10. 10. 10 6. Codified database In our cases, applying codified database represented a key mechanism to transfer knowledge. Across all organizational levels, our informants described the focal role of corporate intranet, where all the necessary knowledge had been stored. The types of knowledge were explicit in nature: manuals, guides and instructions needed to provide the professional service. Another representation of codified database was the ERP system. Both systems were generally considered as a good means to store and transfer knowledge. However, the widespread use of the intranet also had its reverse side: much of the knowledge was obsolete and its overwhelming amount prevented many employees to find the right knowledge quickly and easily. “Even if you write a clear entry, you do not find it from the intranet.” Respectively, a common theme regarding the improvement of the knowledge transfer processes was the better organizing of the content of the intranet, and making it more user- friendly. Time was seen as a critical factor here, as the right knowledge should be found and acquired from the intranet as rapidly as possible. The management ideal were having intranet as all-inclusive knowledge storage, while the employees performing routine tasks might have found the solution inappropriate and insufficient. Across different organizational levels, the intranet was basically considered as a well-operating system for managing the documents and guidelines needed, but the problems were related to trying to manage too much information. Having described the knowledge transfer mechanisms, we now turn into discussing our findings in the light of prior research. Discussion The aim of this study was to identify knowledge transfer mechanisms that are of importance in service business acquisitions. The identified mechanisms can be roughly classified into three categories: management-related (acquisition management team, unit managers), learning-related (formal training, rooming-in) and technology-related (e-communication, codified database). As noted by Goh (2002), the role of management is to create favorable conditions and positive atmosphere for knowledge transfer. Respectively, our study highlights the role of the management team and unit managers as separate knowledge transfer mechanisms in acquisitions. Whereas the former creates the conditions for change, initiates the process and introduces the models and practices (explicit knowledge), unit managers localize knowledge and support its interpretation in the form of organizational processes (tacit knowledge). The same dual logic applies with learning-related mechanisms. Whereas formal training is applied to transfer explicit knowledge –in other words, to introduce the models, processes and IT systems to the acquired unit –rooming-in is needed to internalize that knowledge and thus support employees in establishing the basic operational routines.
  11. 11. 11 Table 1 summarizes the identified knowledge transfer mechanisms, examples of types of knowledge being transferred, and the dominating nature of knowledge. Table 1. Summary on knowledge transfer mechanisms in acquisitions Mechanism Knowledge being transferred Dominating nature of knowledge Acquisition management team as an initiator Modes of organizing, esp. team Organizational culture HRM & HRD practices Incentive systems B2B service software ERP system, Intranet Explicit Unit manager as a translator Organizational culture Processes - coordination - customer-related - IT processes Tacit Formal training CRM model Customer-related processes B2B service software ERP system, intranet Explicit Rooming-in B2B service software ERP system, intranet Tacit E-communication Documents Coordination processes, know- whom Explicit Codified database Documents and reports, know- what Explicit According to Day (1994), the transfer of tacit knowledge remains more critical than the transfer of explicit knowledge. Our study reinforces this notion. Transferring tacit knowledge, in turn, requires active direct communication and participation (e.g. Lam, 1997; Connell et al., 2003). While both the parent company representatives and the merged units’employees were relatively satisfied with the available IT solutions (ERP, corporate intranet and in some cases also the B2B professional software) the latter group demonstrated significant concern on how they were trained to use them after the acquisition. Due to parent company’s strong focus on codified knowledge, they mostly relied on explicit-types of knowledge transfer mechanisms. Hereby, the merged small units with a different knowledge strategy were subject to a major change regarding both the knowledge as such and the processes to transfer knowledge. Jasimuddin (2007) notes that people-focused mechanisms of knowledge transfer are inappropriate when the parties of the transfer process are geographically dispersed. Our study provides a different perspective: even if the acquired units were geographically separated from the parent company, transferring knowledge would have required not relying only on technology-mediated mechanisms. Instead, an effective combination of the two types of mechanisms could better facilitate the transfer process. Also Minbaeva et al. (2010) found out that the increased use of electronic networks did not moderate the acquisition of knowledge, as personal relationships and socialization were considered more satisfactory by intrinsically motivated people. Finally, the management team should pay special attention to the role of personal caretaking and providing in-room guidance (e.g. how to use the new IT systems) instead of an excessive weight on transferring explicit and “what” types of knowledge. As distinct from prior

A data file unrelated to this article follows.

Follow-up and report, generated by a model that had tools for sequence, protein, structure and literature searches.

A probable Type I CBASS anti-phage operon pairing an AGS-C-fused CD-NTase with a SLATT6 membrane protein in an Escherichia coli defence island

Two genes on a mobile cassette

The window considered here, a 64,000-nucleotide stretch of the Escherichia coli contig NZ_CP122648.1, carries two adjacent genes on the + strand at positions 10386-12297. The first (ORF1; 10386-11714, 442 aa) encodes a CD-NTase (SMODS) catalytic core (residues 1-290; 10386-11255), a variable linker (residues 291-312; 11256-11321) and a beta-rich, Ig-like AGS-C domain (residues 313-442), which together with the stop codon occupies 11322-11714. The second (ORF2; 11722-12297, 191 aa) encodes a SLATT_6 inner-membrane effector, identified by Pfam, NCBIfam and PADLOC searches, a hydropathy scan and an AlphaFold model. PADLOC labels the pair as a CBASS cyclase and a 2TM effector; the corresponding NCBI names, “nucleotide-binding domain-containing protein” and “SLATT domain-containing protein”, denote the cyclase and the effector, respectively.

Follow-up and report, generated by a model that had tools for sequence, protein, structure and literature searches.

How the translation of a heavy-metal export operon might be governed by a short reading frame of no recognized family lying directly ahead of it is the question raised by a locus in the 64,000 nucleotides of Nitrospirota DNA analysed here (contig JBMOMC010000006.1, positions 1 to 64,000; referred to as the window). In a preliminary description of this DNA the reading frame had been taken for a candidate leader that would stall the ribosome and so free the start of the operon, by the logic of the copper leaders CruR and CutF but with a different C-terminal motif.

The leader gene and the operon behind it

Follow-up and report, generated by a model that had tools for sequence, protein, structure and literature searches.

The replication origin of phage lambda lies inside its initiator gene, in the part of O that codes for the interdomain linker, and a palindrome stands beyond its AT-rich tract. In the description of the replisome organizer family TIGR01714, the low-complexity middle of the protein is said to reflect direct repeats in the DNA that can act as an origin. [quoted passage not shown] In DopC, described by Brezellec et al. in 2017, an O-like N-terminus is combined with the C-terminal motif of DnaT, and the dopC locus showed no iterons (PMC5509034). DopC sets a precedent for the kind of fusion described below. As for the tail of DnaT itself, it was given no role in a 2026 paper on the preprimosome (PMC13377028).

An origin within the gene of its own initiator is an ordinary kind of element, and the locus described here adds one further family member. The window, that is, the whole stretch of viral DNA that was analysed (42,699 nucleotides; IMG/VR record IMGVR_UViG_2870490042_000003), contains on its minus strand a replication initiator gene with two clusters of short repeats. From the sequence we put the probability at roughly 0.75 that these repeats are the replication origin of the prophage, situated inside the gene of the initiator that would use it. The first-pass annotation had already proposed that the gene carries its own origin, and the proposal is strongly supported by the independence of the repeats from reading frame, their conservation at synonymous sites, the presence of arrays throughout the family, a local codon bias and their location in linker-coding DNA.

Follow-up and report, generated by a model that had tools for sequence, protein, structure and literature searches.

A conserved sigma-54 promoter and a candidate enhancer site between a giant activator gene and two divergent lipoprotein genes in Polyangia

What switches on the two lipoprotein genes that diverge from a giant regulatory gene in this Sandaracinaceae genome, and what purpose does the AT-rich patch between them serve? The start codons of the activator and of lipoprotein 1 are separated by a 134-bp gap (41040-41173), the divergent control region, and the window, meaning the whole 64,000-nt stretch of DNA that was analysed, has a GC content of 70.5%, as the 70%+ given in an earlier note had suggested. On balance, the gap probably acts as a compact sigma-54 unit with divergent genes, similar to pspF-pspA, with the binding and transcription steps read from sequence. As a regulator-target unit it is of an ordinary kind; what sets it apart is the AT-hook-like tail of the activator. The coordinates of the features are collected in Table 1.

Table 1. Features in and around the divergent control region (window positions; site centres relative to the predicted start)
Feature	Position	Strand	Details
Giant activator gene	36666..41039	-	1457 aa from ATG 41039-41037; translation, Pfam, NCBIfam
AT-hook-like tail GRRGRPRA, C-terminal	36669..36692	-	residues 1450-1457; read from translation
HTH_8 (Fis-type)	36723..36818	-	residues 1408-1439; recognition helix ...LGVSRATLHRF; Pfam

12. 12. 12 research, our study thus underlines the importance of combining “hard”knowledge transfer mediated by technology and “soft” knowledge transfer mediated by human interaction patterns such as learning and management practices. Conclusions The objective of this study was to find out what types of mechanisms for knowledge transfer in service business acquisitions can be identified, and to classify them. We applied service business acquisitions as an illustrative research context, drawing on a qualitative empirical study of one B2B service firm. As a result, our study provided a typology of six knowledge transfer mechanisms: acquisition management team as an initiator, unit management as a translator, formal training, rooming-in, e-communication, and codified database. These can be further classified into management-, learning-, and technology-related mechanisms. The contribution of the study is twofold. Firstly, it adds to the literature of knowledge management by providing a classification of knowledge transfer mechanisms. Secondly, it presents empirical evidence about the role and use of such mechanisms in service business acquisition, hereby contributing to managerial understanding about how to facilitate knowledge transfer between the acquirer and the acquired target in the field of knowledge- intensive service firms. From managerial point of view, our study highlights how the transfer mechanisms should be tailored to match to the type of knowledge being transferred (see also Gupta & Govindarajan, 2000). This requires increased awareness of different knowledge strategies and the related managerial actions needed, in particular when there is asymmetry between the acquirer and the acquired target. The main limitation of our study is that we only investigated one company and hereby four different acquisition cases. As the results of the empirical study represent one industry, the identified knowledge transfer mechanisms should be further tested and validated in other types of service industries and other cultural contexts. References Argote, L. and Ingram, P. 2000. Knowledge transfer: A basis for competitive advantage in firms. Organizational Behavior and Human Decision Processes Vol. 82 No 1, pp 150-169. Auerbach C.F. and Silverstein L.B (2003). Qualitative Data. An Introduction to Coding and Analysis, New York University Press, New York. Berg, B.L. 2004. Focus Group Interviewing, in Qualitative Research Methods for Social Sciences, Fifth Edition, Pearson Education Inc, USA, pp 123-145. Bresman, H., Birkinshaw, J. and Nobel, R. 1999. Knowlegde transfer in international acquisitions. Journal of International Business Studies Vol. 30 No 3, pp 439-462. Cartwright, S. and Cooper, C.L. 1996. Managing Mergers, Acquisitions and Strategic Alliances: Integrating People and Cultures, Butterworth-Heinemann, Oxford. Connell, N.A.D., Klein, J.H. and Powell, P.L. 2003. It’s tacit knowledge but not as we know: Redirecting the search for knowledge. Journal of Operational Research Society, Vol. 54, pp 140-152.